The Secret To Juicy Burgers You've Been Missing Your Whole Life

There's something about a juicy burger that can stir up an appetite anytime of day or night. Whether it's a thin patty topped with a runny egg at brunch, a cheese-laden, homemade In-N-Out copycat, or a big, delicious monster of a burger you grill up for dinner with friends, the goal in all your burger endeavors is the same: juiciness. According to The Kitchn, the secret to juicy burgers lies in a combo of two important factors: temperature and time. 

It's easy to think you can just fire up the grill, beer in one hand, spatula in the other, and delicious burgers will appear. But, if you want a burger that requires a napkin or two when you eat it (and you do), you'll want to give those burgers a little extra attention. Focus on the temperature of your grill and the amount of time your burgers spend on it. Here's how.

Prepare your grill correctly for juicy burgers

First things first, you need to light that fire. If you're using a gas grill, go for medium-high heat. The temptation is to always grill everything on high heat — it's outdoor cooking, after all, why be precious about it? Well, unless you want a bone-dry patty that you have to chew forever before swallowing, reign in those caveman instincts and heat your grill to medium-high. If you're using a charcoal grill, fill it with an even layer of two to three quarts of lit coals. With your heat source primed and ready, you can get those yummy patties on the grill. 

There are some moves you can throw in at this point for extra credit, if you choose. Gordon Ramsay employs every cook's best friend, butter, to achieve a crispy crust and maintain a juicy center in his burgers. Another tip? Chef Adam Perry Lang told Thrillist, "The most common mistake people make when cooking burgers on a grill is moving them too quickly." So, once your patties are in place, whether you're using butter or not, resist the urge to flip too soon.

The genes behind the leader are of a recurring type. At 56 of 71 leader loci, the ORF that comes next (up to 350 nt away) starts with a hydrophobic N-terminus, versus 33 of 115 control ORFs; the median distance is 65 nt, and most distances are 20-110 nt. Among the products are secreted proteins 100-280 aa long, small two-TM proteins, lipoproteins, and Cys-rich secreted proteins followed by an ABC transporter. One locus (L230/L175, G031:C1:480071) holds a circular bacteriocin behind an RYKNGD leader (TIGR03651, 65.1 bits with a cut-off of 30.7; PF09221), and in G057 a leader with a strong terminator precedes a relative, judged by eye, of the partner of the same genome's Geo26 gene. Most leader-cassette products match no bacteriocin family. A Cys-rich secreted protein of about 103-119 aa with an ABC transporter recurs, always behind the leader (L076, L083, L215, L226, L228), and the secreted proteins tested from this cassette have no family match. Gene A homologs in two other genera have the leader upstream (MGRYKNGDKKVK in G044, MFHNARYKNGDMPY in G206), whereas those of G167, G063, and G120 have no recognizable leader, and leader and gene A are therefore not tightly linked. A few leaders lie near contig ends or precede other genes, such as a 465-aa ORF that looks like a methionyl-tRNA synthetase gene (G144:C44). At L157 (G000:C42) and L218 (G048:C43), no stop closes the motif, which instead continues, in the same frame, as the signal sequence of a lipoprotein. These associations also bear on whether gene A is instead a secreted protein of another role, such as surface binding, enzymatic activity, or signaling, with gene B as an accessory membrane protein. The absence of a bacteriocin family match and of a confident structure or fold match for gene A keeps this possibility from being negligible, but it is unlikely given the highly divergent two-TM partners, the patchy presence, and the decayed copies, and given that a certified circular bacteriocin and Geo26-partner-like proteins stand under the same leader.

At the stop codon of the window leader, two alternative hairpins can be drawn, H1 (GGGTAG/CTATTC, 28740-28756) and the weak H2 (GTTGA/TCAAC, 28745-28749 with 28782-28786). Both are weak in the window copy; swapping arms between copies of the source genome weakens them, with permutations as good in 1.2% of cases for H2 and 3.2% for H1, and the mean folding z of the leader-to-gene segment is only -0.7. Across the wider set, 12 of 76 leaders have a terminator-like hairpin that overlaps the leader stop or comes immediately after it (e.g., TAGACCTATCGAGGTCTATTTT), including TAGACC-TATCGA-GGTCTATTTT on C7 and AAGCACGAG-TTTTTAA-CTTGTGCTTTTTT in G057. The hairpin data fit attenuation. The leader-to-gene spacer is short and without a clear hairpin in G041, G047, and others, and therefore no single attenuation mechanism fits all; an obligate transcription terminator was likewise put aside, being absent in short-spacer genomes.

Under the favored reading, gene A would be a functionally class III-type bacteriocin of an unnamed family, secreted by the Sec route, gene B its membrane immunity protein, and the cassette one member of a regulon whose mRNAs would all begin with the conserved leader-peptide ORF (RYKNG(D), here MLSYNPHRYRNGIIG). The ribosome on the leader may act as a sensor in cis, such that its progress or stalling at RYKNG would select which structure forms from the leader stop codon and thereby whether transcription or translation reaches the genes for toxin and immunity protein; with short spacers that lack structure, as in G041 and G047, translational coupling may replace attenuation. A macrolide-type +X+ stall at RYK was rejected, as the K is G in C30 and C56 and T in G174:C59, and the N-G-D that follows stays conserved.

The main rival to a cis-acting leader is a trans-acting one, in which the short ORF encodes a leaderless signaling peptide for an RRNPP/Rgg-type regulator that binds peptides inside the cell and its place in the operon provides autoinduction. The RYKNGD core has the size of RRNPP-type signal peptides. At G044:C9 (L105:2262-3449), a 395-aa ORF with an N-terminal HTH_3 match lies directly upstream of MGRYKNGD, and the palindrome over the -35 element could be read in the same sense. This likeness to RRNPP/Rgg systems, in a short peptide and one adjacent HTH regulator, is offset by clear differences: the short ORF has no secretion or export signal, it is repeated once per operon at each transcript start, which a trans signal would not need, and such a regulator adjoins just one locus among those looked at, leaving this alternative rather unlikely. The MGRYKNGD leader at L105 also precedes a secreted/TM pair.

How long you grill your burgers matters

Timing is everything. You've got your grill at the perfect temperature, but there's one more thing to consider here. A sure way to thwart juiciness and end up with a tough and chewy burger is to overcook it. However, there's no hall pass for undercooked ground beef, either. Fine Cooking explains that the bacteria on a piece of meat lives on the surface. When meat is ground, it disperses the bacteria throughout the meat, meaning you'll need to cook it thoroughly in order to kill all those cooties. 

The FDA recommends cooking burgers to 160 degrees but, since harmful bacteria is destroyed at 140 degrees, 150 degrees can be a nice sweet spot, according to Fine Cooking. That medium-well temp will maintain your burger's juicy goodness and prevent undesirable bacteria from hanging around. On a grill that's humming away on medium-high, your burgers will reach 150 degrees in about four minutes; use a meat thermometer to make sure. 

Basically, all that stands between you and the juiciest burger of your life is a properly heated grill and four minutes. Get your napkins ready!